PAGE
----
Tag Archives: social media

#NotMyFacebook, or: Is Facebook For Political Discourse?

If you Google the question “What is Facebook for?” you come up with a short article by Mike Bantick for iTWire that bears the same name. Although it was published back in 2013 the basis for it is particularly topical, with the first paragraph relating the reason for it was written.

“Recently my brother told me he defriended a close friend of the family because of his overtly political posts on the social media website Facebook.  ‘That’s not what Facebook is for,’ he said, that got me thinking.”

Bantick then proceeds to list off a number of different answers gathered from friends and family, ultimately settling on a handful that he considers “the most truthful”:

“‘Referrals for products and services from people you trust, or know the value you place on the referrer’s knowledge of the requirements. Eg, games references, plumbers, mechanics, travel…. So useful and more personal than googling. You also then have wonderful reasons to catch up with people you may not otherwise.’

‘Stalking people and pictures of cats’

‘Annoying people with puns’

And, the one that resonated with me the most ‘Sharing sh&% for giggles…'”

The list has him implicitly agreeing with his brother. Facebook is for recommendations and, as the latter three state in various ways, for personal enjoyment. Not included among the social networking service’s uses? The dissemination of strongly held political beliefs or stances. Could’ve fooled me.
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One of the Reasons Our Guest Writer Left Facebook: Not-Quite-A-Counterpoint About Online Opinions

We, and I speak for both Gordon and Kat when I say this, don’t often reference our guest posts, as much as we appreciate them. A large factor may be because any responses or rebuttals from the writers to our commentary, though welcomed [we’ve had our own back-and-forths before], are less likely to be written and featured . The reason I open with that is because of Casey Bennet’s post titled “Why I Left Facebook“, which was one of the inspirations for this post as well as being an article I didn’t like very much initially.

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The reason for that was I felt it read more like a list of complaints, many of which could be applied to regular human behaviour.

To give credit where it’s due, he addresses any potential criticism
in his penultimate section “Life After Facebook“. Bennet states outright that many of the factors to him leaving “could have been avoided”; that he could have maintained his Facebook feed in a way that let him “[filter] out negativity and [focus] on what was actually beneficial.” He also points out that if that work is too much for you then it might not be worth, which is likewise extremely valid.

Of Bennet’s grievances against the social media platform what I’d like to focus on is the first, the very to-the-point “Opinions“.  Continue reading

Why I Left Facebook

“I killed my Facebook page years ago because time clicking around is just dead time. Your brain isn’t resting and it isn’t doing. I think people have to get their heads around this thing. All this unmitigated input is hurting folks.” – Louis C.K.

It’s been over 2 years since I deleted (not deactivated, big difference) my Facebook account.

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I had been a loyal and active member since 2006. I had posted thousands of photos, generated twice as many likes, had a business page for my photography, and met many, many incredible people from all over the place, some of whom I had never met in person until they let me crash on their couch when I visited their city. It seems a bit odd, considering all those connections, benefits, and likes, that I would just go ahead and make such a major decision like that.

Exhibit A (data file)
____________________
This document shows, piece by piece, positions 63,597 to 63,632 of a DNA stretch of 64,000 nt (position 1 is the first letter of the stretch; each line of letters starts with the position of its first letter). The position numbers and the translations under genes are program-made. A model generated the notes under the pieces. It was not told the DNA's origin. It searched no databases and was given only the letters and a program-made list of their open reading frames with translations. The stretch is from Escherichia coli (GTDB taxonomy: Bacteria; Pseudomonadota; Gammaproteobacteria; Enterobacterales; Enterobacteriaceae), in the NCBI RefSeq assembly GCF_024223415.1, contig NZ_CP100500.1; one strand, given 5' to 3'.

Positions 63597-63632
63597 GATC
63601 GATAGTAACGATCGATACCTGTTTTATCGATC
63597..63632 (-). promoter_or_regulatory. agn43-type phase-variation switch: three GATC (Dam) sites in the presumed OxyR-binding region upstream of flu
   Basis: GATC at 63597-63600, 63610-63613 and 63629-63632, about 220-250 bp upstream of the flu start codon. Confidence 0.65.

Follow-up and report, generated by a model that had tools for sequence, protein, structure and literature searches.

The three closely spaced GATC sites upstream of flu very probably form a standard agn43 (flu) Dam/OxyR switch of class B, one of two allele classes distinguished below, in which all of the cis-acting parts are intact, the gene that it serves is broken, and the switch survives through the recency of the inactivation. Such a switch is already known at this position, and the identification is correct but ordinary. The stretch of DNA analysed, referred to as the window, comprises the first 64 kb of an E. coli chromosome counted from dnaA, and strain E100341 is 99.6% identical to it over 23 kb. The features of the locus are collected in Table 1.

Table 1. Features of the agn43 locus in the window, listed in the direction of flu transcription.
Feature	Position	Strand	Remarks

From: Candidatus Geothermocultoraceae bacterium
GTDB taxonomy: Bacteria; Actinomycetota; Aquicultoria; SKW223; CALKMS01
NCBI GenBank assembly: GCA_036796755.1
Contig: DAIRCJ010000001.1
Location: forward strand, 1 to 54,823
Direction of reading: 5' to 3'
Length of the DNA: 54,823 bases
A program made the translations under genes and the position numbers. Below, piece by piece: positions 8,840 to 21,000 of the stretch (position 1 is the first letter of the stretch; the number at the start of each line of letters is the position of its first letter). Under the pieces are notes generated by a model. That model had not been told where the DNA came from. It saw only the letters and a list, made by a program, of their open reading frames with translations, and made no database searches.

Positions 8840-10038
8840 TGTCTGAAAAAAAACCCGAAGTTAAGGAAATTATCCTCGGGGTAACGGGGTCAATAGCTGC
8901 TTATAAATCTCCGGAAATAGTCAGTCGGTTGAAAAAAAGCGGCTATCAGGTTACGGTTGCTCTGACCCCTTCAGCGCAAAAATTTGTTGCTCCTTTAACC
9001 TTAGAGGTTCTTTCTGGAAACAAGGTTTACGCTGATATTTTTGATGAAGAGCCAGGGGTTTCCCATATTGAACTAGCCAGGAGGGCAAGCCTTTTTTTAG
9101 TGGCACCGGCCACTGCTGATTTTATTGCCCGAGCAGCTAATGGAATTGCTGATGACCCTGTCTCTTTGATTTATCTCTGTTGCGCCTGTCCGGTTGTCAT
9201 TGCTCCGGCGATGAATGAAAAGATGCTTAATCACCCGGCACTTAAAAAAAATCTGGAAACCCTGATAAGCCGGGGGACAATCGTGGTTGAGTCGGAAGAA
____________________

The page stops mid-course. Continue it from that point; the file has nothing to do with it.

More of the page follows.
So, what happened?

Facebook, when it started, was great. It was a simple news feed layout with status updates and the ability to upload and share photos — nothing more. Maybe there was a section where you could show us your favourite shows, music, and sports, but that was about it. It was fun, innocent, and a great way to keep in touch with old friends and family. Over the course of time Facebook began evolving, as most sites do — they began adding features like additional timeline content and games. Harmless stuff, other than those damn invites to join Farmville (I still hate you Farmville and I hope you burn in social media hell!). Even at that point, it was still a place to see what people were up to. Eventually I started spending too much time endlessly browsing my news feed and becoming more and more bothered about what I was reading. It was a sensory overload of everything you could imagine. People were fighting over nothing. Trolls were out spreading incredibly hurtful comments. People were using their high friend count as a way to push their opinions on others. I was seeing some very negative content coming from people who I had thought were genuinely kind. It was coming from all directions and it was too much to take. I tried the Facebook friend cleanse and deleted well into the hundreds. That seemed fine, but eventually I started blocking others who posted annoying posts/shares — I didn’t want to delete them, because well, a few of them were family, but their posts bothered me. It got to the point where logging in just wasn’t fun anymore, so I decided to pull the plug. Continue reading

The Internet, The Military, And Feminism – A Brief Interaction Between Two Facebook Pages

First things first, this is going to be another one of my shorter posts. The days ahead are packed so I’ve sat down to rattle something off on Wednesday night just to keep the content coming. Secondly, when it comes to the military and feminism I am very confident in my feelings towards one and very uncomfortable and unsure about the other.

I’m not one to bandy around words like “liberal” and “conservative”, proper nouns or otherwise, but in general the profession of killing others isn’t one that sits easily with me. To say that I think we can solve all of the world’s problems by just sitting down, talking, and hugging it out is a step too far, however. There is clearly a need for such men and women, with World War II being the obvious go-to example of when war is right [literal decades of video games have communicated how evil the Nazis were]. Not everyone can be negotiated with or see reason, no matter how badly we would like that to be true.